Jockey Sam Waley-Cohen reveals plans for Long Run this season

14:46 08 November 2012

Long Run ridden by Sam Waley-Cohen jumps the last on the way to winning The Betfair Denman steeple chase. Picture: John Walton/EMPICS

Long Run ridden by Sam Waley-Cohen jumps the last on the way to winning The Betfair Denman steeple chase. Picture: John Walton/EMPICS

EMPICS Sport

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Jockey Sam Waley-Cohen has revealed that Long Run will follow the same path as last season, despite registering just a solitary victory from four starts.

The seven-year-old last time failed to replicate the sparking form of his 2010-11 campaign where he recorded back-to-back victories in the postponed King George VI Chase and the Cheltenham Gold Cup.

The Nicky Henderson trained gelding returned with an eight length second to Kauto Star in the Betfair Chase at Haydock, before finishing runner-up again to the recently retired superstar in the 2011 King George.

The brace of defeats was followed by a narrow victory in Newbury’s Grade 2 Betfair Denman Chase, before completing his season with a three length third to Synchronised in the Gold Cup.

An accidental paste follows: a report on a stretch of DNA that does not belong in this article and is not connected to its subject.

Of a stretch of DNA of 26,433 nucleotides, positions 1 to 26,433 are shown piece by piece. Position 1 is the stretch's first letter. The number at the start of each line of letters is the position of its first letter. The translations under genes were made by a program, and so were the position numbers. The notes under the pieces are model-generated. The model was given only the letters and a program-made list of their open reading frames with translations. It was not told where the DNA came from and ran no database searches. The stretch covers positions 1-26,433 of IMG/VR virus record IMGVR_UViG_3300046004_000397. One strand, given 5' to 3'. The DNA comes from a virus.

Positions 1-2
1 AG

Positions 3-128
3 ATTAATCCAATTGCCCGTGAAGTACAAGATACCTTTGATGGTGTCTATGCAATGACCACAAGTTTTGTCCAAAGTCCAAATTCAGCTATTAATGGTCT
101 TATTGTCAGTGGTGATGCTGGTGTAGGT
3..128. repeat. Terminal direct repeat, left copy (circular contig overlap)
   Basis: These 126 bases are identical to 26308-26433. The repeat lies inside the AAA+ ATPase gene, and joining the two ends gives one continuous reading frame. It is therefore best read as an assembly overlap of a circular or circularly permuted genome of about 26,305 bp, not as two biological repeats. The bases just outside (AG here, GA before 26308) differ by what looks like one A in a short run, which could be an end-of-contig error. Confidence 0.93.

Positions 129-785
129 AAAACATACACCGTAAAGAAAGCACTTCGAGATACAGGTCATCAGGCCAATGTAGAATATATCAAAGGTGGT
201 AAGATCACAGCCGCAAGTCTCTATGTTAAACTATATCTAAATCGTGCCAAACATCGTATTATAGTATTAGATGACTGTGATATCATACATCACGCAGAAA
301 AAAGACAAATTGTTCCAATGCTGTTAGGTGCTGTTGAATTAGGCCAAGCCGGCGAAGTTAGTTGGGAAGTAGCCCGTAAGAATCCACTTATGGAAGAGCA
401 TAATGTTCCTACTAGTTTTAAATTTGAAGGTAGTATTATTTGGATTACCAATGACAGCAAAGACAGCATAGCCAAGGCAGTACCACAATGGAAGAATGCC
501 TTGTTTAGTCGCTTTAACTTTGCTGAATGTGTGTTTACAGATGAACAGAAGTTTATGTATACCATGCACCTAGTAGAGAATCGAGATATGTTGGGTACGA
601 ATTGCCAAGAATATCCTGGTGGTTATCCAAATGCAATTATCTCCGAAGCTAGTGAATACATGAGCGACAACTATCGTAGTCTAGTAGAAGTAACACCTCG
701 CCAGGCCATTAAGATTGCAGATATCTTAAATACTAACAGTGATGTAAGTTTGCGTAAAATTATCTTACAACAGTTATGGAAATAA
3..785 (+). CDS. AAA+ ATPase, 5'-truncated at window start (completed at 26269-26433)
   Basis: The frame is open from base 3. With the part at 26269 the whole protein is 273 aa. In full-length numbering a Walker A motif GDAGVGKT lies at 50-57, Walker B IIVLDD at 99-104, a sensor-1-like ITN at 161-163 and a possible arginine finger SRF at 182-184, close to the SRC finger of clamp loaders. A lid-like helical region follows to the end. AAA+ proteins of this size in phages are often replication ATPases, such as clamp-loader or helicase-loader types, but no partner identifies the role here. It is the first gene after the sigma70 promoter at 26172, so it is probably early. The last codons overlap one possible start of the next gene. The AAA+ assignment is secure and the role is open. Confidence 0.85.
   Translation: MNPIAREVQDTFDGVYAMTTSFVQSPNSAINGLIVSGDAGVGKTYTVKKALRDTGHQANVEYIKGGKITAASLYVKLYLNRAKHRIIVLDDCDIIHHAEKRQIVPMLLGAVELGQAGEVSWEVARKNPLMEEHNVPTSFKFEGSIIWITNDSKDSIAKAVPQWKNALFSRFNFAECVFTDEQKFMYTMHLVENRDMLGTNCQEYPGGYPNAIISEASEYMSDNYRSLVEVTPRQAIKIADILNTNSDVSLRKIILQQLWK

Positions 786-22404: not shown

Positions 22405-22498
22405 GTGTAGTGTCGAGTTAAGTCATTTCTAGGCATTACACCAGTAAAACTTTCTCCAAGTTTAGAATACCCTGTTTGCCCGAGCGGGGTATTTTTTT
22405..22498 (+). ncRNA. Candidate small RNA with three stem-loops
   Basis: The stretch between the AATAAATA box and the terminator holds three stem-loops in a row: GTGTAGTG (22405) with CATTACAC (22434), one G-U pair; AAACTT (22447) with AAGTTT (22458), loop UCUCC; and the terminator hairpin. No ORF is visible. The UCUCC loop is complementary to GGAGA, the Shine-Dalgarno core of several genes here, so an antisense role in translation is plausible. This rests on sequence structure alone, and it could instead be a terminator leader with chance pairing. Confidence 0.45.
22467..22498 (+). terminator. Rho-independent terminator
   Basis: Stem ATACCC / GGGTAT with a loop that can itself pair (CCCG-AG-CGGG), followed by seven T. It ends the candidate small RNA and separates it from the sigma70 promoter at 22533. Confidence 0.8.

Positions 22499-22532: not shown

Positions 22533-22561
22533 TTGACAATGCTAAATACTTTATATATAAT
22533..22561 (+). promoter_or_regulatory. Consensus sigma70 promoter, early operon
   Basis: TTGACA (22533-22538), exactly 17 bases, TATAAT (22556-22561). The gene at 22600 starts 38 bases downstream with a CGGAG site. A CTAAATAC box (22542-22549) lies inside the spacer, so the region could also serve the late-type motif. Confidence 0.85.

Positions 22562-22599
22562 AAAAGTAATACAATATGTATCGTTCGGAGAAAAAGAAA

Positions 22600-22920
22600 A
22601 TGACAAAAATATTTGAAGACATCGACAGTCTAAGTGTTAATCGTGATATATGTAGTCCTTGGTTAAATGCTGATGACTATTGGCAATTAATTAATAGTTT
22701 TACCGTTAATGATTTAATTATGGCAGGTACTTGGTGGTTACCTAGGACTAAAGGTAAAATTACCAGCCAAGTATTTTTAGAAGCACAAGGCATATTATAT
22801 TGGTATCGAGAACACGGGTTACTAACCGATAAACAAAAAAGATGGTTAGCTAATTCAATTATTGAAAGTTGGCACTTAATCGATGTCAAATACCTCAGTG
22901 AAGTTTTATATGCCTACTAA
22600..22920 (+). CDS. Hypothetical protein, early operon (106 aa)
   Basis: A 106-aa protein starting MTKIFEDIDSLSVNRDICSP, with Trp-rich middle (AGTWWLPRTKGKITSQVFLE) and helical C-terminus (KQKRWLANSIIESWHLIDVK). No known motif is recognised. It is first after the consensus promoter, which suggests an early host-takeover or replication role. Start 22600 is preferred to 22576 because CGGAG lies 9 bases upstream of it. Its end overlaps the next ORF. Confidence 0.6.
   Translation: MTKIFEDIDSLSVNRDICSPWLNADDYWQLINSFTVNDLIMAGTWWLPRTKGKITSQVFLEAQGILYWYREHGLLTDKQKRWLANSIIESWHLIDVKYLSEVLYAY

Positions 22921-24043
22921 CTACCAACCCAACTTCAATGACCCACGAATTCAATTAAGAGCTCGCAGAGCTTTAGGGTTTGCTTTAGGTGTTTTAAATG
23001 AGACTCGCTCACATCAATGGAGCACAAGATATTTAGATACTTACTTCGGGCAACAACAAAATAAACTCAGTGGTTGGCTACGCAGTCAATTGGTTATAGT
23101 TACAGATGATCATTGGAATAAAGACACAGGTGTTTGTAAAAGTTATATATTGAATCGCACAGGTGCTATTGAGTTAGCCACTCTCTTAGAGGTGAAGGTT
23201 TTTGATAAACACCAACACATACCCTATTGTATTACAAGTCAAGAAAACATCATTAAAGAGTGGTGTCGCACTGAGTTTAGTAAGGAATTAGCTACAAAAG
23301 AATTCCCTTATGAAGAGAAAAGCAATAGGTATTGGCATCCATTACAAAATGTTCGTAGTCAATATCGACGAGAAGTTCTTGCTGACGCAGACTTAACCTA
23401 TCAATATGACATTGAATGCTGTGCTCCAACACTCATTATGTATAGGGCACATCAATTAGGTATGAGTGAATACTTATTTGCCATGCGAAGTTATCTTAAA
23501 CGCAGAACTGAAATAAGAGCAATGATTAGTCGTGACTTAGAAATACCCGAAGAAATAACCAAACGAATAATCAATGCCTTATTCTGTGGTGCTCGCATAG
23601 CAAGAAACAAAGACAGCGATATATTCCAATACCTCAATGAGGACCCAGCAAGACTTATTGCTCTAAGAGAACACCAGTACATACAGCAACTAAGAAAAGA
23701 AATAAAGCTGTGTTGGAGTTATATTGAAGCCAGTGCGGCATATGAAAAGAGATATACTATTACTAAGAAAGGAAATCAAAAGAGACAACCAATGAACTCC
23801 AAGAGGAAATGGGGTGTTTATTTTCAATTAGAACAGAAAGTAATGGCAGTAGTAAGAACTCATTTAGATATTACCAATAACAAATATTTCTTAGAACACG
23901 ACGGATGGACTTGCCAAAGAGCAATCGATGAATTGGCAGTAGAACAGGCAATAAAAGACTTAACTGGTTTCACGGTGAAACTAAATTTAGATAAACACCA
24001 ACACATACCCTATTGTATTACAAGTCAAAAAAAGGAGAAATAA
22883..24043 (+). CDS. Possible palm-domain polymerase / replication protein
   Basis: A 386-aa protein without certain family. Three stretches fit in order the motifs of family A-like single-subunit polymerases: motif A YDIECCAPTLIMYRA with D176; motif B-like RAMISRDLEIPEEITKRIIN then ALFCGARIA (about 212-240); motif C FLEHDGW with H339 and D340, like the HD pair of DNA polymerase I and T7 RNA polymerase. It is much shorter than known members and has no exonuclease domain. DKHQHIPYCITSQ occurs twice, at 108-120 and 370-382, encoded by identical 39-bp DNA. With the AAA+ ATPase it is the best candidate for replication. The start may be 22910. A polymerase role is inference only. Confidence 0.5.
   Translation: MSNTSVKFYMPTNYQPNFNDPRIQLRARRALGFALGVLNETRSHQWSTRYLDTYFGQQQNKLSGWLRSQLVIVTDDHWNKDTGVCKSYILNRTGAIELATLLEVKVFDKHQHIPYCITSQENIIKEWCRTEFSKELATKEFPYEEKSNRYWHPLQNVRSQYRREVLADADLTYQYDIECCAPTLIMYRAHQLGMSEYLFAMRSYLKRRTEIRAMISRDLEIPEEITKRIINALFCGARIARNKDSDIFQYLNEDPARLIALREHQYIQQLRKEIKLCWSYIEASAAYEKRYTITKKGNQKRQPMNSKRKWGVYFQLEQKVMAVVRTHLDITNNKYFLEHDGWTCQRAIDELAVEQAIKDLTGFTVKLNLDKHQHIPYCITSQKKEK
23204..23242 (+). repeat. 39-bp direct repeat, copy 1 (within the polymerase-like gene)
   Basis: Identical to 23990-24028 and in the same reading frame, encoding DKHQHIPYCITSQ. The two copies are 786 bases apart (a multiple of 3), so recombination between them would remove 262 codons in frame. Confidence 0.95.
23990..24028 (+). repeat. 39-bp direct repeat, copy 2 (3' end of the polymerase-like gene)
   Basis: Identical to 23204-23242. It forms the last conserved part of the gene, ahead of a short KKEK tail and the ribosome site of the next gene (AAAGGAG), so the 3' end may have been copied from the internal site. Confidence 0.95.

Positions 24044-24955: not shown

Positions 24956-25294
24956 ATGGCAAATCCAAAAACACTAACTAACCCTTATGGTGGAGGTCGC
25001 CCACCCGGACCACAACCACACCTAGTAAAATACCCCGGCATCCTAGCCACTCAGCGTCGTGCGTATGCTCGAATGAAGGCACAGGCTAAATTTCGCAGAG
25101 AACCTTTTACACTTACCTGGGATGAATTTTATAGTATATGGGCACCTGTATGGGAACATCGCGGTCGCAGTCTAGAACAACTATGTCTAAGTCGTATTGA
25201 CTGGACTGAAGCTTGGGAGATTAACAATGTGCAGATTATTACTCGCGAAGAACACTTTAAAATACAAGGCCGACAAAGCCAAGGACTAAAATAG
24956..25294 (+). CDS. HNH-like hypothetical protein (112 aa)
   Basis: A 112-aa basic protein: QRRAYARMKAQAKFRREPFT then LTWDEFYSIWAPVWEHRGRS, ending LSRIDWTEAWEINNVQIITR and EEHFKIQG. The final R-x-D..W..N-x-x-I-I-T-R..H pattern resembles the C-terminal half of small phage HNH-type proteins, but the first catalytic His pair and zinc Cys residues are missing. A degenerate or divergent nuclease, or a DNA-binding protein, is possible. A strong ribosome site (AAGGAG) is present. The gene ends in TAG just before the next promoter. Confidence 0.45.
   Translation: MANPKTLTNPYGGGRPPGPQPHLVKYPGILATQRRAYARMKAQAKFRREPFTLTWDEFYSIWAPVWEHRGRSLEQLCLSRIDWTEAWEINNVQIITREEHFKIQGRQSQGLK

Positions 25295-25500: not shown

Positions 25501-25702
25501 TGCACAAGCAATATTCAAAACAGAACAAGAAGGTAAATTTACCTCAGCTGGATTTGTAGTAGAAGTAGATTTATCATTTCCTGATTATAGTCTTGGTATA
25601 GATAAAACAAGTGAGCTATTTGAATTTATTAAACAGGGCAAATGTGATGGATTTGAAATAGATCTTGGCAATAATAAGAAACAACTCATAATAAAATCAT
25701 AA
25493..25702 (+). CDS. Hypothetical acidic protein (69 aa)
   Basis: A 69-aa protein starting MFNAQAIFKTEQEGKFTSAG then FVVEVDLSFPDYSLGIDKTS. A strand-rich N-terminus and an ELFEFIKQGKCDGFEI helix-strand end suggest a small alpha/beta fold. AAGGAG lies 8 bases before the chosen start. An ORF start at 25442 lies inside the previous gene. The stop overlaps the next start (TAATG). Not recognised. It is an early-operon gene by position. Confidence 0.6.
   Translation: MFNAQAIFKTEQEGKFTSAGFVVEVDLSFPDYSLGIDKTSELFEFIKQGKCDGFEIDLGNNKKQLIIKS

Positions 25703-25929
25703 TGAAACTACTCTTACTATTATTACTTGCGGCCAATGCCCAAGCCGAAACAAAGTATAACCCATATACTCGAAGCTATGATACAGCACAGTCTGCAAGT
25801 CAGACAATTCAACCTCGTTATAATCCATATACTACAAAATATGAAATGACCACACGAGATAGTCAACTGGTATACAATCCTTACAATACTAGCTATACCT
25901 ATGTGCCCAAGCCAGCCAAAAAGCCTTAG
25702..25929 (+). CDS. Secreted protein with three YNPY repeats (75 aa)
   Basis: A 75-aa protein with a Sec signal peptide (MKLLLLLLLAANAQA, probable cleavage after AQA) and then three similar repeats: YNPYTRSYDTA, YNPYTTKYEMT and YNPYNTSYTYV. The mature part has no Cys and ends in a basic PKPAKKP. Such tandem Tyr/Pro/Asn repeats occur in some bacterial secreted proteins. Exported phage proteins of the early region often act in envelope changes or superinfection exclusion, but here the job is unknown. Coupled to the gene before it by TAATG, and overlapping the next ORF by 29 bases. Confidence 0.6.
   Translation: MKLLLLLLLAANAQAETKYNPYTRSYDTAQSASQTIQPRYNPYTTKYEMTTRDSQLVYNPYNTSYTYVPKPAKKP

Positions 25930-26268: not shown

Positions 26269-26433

“All being well, Long Run will follow a similar plan to last season as you are a bit limited with options at this level,” said Waley Cohen who has been aboard the son of Cadoudal in each of his ten starts since the gelding joined Henderson from France 2009.

“We are pleased with Long Run. He has developed into a big, strong racehorse which we are all very excited about. He seems to have had a good summer and looks great.

“I think you would have to say he didn’t achieve the heights last season that he achieved the year before. You always set your aspirations by what you have done in the past, but in many ways you can’t be disappointed about being beaten by arguably the greatest horse of all time.

“We were never out of the first three, having run in top-class company and although we did not get the results we wanted, you can’t be too disappointed either.

“It’s very hard to tell the difference in a horse from one year to another until you get to the sharp end of a race,” the jockey admitted.

“The results clearly stand for themselves in that he didn’t run to the same mark as he did the year before. But in terms of how Long Run felt through his races, I thought his jumping was significantly better than the year before and he was much more mature.

“All these things bode well for the coming season.”

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